Sunday, October 18, 2009

Welcome Back, Bill: Guv Gives A Little; Moves Towards Center, Plus: Senate Leader Sanchez: Don't Fence Us In; Aims For Short Special; First Day Action 

Sen. Leader Sanchez & Big Bill
Bill Richardson on Saturday started to move toward the center of the political map--the region where he and all New Mexican governors traditionally end up when grappling with the major issues of the day. And, of course, the major issue of our day is a mountainous $650 million budget shortfall.

Richardson was rapidly overstaying his visit on the left side of the fence, pounding the table that there would be no cuts in public education to solve the shortfall. Yesterday, whether by design or from pressure of a looming train wreck, he tossed in the proverbial towel and agreed to a 1.5 percent cut in public education. He suggests a 3.5 percent across the board cut in other state agencies for the current budget year which started July 1 and ends June 30, 2010.

Veteran Roundhouse observers said the Guv's compromise move will likely mean a deal will be cut and that this special session will not go completely nuclear. But there's still a lot of ground to cover. (Richardson's proposal here.)

While Richardson's move was welcome, lawmakers were not about to let bygones be bygones. Many are still upset with the Guv for waiting until the last minute to come to the negotiating table. The cynics among them argued he had planned to come there all along. They said he wanted to buttress his credentials as a "protector of kids" at their expense. Even as he announced he would agree to some cuts, he insisted that they not impact the classroom. It was essentially the compromise argument we put forth on the blog earlier in the week--go after administration and other excess.

Worries abound at the Capitol that one time federal stimulus money that will likely be used to plug some of the budget hole only temporarily solves the dilemma. But there is also an air of resignation that acknowledges that we are in the middle of this fiscal crisis, not the end. There will be budget problems for months, if not years.


The shortfall is so large that legislators may want to slash education more than Bill is willing. His plan trims $40 million, but other proposals floating around call for $90 million in public education savings and millions from higher ed. Will Bill go up to get a deal? Will legislators make him? Also, the proclamation he issued for the special session is tightly written, raising concerns, especially among the liberals, that they can't consider any tax increases to beat back the deficit. But most lawmakers agree with Richardson that tax policy should be off the table now, but on it when the legislators have their regular session in January.

Alligator analysis: The chance of any tax increase in this special session is near zero. Liberals will grandstand (that's you, Cisco) for their constituents and try to smoke out Dems who aren't with them and perhaps eye them for possible primary challenges. Otherwise, progressives are being overrun by a harsh fiscal reality. The public is simply not going to stand for solving this crisis by raising taxes without first having their representatives rid the system of excess. That's why there are not enough votes to raise taxes. After the cost-cutting and bloodletting in this special, chances for increasing revenue could improve in the January session.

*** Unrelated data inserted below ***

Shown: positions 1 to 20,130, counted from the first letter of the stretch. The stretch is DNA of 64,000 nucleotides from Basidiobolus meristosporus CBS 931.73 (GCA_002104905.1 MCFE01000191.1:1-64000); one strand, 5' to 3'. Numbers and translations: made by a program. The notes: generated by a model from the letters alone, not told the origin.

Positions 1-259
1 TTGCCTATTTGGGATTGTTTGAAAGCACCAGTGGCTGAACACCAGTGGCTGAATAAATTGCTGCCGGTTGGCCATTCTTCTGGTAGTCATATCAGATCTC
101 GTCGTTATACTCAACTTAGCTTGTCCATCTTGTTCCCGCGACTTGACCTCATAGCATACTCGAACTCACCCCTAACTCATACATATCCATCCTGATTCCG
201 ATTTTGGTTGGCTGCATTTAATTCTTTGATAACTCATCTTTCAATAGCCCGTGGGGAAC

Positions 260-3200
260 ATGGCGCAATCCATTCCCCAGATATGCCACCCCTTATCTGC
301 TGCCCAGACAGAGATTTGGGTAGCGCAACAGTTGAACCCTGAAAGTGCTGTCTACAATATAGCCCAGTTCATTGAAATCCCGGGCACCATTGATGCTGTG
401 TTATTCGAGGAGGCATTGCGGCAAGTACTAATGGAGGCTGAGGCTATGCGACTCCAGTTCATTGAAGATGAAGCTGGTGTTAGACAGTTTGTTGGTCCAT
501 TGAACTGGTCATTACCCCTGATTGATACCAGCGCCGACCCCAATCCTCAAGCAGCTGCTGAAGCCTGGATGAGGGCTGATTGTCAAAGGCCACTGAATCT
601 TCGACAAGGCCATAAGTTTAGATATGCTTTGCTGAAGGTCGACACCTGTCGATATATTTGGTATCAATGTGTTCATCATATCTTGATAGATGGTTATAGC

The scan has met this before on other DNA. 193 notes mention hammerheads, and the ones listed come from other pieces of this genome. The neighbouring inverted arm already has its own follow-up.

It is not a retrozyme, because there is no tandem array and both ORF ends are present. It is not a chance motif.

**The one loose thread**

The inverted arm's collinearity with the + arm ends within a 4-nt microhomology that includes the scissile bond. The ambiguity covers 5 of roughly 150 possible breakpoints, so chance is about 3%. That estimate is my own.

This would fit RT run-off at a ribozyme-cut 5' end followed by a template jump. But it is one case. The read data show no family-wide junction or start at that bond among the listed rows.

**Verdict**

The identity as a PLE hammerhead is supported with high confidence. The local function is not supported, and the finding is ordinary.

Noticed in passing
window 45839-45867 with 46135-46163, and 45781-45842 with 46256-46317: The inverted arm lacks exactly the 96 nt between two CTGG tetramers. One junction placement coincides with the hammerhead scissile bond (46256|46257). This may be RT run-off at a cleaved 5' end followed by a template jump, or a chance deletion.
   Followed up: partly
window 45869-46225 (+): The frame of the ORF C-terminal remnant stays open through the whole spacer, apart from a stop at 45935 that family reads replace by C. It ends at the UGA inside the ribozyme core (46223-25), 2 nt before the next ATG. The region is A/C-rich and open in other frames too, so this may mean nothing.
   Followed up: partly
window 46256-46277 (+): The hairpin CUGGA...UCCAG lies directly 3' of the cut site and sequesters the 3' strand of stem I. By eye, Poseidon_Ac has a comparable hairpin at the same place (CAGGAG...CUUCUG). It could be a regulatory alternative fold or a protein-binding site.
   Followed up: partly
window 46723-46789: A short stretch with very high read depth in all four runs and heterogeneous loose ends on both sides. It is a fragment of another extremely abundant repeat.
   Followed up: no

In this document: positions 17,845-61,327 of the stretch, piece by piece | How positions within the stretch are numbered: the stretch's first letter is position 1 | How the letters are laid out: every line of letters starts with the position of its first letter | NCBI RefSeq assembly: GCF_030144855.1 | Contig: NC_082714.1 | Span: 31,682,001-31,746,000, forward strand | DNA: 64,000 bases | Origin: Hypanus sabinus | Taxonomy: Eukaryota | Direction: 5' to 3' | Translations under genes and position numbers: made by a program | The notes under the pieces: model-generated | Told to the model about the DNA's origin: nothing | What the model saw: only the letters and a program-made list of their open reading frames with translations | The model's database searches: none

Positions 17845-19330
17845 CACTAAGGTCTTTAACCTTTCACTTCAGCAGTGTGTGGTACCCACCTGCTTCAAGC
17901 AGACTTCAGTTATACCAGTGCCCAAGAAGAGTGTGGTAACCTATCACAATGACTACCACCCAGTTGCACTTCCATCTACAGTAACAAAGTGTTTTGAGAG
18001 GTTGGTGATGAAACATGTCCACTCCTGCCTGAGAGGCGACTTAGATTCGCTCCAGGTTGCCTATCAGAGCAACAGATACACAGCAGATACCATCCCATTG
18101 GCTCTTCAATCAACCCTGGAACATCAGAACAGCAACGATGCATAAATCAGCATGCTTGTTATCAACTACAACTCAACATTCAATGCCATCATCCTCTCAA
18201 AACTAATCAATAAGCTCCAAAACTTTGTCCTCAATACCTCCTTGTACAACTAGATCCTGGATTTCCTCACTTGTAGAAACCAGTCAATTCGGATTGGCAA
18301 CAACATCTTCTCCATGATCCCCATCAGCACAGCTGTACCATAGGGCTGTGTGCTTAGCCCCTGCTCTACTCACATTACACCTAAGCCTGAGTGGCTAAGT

Examples of Big Bill's penchant to try to control the agenda are prevalent throughout his special session proclamation, including a proviso that no salaries be reduced. That does seem to be dabbling in legislative territory, but it's hard to imagine a court fight over it right now. (The Governor's complete proclamation is here.)

In fact, Senate Majority Leader Michael Sanchez seems determined to avoid as much fighting as possible and get his flock back home within four or five days. The Governor's threat--that he didn't care how long the 42 Senators and 70 House members had to stay there--even if it was two weeks--had to rankle the Belen leader. The Governor may have his agenda, but it does not include the calender of the Senate or its pace of work. Also, legislative leaders are mindful that each day they are up there costs about $50,000, a politically sensitive number that is constantly cited in the mainstream media.

Sanchez is moving to get a plan that lawmakers approve--not necessarily one the Governor does--and get it on the chief executive's desk in two or three days, if not sooner. He will then argue that the chamber carried out its duty and the ball is in the Guv's court to sign or veto. He hopes the House is of a similar frame of mind.

Sanchez and Company, tired of having their noses rubbed in gubernatorial dirt, have bruised egos and bad tempers when it comes to Richardson. While they now agree with much of his plans to address the shortfall, they are not going to allow themselves to be penned up like cattle and slave over a plan that satisfies only the Guv.

Over in the House, the fractures in the Dem caucus are multiple and House Speaker Lujan has his hands as full as they have ever been. But with Richardson acquiescing on public school cuts, the path to getting a bill out is smoother.

But paths have looked smooth in prior legislative sessions called by Richardson. On day one of this special a big boulder was removed from the road, but no one is yet taking down the sign that reads, "Caution: Landslides Possible."

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